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What is meant by ‘intention to treat’ analysis?

Research output: Contribution to journalJournal articlepeer-review

Published
  • S. Hollis
  • F. M. Campbell
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<mark>Journal publication date</mark>1999
<mark>Journal</mark>BMJ
Volume319
Number of pages5
Pages (from-to)670-674
Publication StatusPublished
<mark>Original language</mark>English

Abstract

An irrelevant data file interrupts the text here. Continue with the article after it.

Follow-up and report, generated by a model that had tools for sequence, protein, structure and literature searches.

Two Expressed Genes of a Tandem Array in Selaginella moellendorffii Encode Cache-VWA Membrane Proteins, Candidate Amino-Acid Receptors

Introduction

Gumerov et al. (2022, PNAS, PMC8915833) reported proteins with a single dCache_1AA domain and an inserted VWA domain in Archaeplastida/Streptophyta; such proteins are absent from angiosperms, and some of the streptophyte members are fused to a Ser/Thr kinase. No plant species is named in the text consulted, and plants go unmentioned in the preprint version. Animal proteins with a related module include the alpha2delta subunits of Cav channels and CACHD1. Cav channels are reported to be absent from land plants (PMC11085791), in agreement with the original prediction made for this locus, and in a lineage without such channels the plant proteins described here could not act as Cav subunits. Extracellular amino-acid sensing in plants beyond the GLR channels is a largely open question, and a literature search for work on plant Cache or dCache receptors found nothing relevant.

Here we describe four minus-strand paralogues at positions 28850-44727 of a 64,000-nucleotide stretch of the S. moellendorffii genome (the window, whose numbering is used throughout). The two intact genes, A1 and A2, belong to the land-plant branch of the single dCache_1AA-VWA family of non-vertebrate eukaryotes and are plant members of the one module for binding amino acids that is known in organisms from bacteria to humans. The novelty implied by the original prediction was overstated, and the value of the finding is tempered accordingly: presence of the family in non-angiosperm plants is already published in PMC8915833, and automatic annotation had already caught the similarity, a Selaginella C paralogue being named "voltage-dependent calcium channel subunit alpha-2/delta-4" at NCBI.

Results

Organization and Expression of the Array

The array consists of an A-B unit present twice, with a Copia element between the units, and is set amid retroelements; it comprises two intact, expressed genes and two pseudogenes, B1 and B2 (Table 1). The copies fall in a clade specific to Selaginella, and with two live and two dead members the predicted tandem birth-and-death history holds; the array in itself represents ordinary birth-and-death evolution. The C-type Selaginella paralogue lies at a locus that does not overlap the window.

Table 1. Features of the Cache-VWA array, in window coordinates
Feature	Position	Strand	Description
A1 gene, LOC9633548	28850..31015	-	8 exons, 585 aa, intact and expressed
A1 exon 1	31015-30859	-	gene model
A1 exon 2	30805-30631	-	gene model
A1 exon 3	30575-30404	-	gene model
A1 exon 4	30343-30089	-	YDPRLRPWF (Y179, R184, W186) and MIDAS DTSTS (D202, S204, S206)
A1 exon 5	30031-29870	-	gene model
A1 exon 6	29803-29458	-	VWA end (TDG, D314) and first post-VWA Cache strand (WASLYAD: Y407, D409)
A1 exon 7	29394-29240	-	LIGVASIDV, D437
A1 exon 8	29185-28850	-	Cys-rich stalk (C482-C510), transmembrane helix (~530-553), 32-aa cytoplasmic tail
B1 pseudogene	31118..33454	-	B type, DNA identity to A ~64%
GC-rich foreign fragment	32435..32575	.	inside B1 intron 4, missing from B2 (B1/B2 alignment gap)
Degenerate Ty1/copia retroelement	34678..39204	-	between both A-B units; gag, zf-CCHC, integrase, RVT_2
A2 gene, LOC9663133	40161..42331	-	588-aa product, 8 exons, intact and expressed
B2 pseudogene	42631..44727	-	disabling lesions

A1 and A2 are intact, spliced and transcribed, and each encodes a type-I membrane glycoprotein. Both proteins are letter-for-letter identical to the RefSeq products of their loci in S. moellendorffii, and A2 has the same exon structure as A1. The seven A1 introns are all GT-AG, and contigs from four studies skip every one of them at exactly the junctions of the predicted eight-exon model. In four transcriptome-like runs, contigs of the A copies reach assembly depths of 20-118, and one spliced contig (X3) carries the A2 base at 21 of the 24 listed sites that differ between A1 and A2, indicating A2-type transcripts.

Objectives: To assess the methodological quality of intention to treat analysis as reported in randomised controlled trials in four large medical journals. Design: Survey of all reports of randomised controlled trials published in 1997 in the BMJ, Lancet, JAMA, and New England Journal of Medicine. Main outcome measures: Methods of dealing with deviations from random allocation and missing data. Results: 119 (48%) of the reports mentioned intention to treat analysis. Of these, 12 excluded any patients who did not start the allocated intervention and three did not analyse all randomised subjects as allocated. Five reports explicitly stated that there were no deviations from random allocation. The remaining 99 reports seemed to analyse according to random allocation, but only 34 of these explicitly stated this. 89 (75%) trials had some missing data on the primary outcome variable. The methods used to deal with this were generally inadequate, potentially leading to a biased treatment effect. 29 (24%) trials had more than 10% of responses missing for the primary outcome, the methods of handling the missing responses were similar in this subset. Conclusions: The intention to treat approach is often inadequately described and inadequately applied. Authors should explicitly describe the handling of deviations from randomised allocation and missing responses and discuss the potential effect of any missing response. Readers should critically assess the validity of reported intention to treat analyses.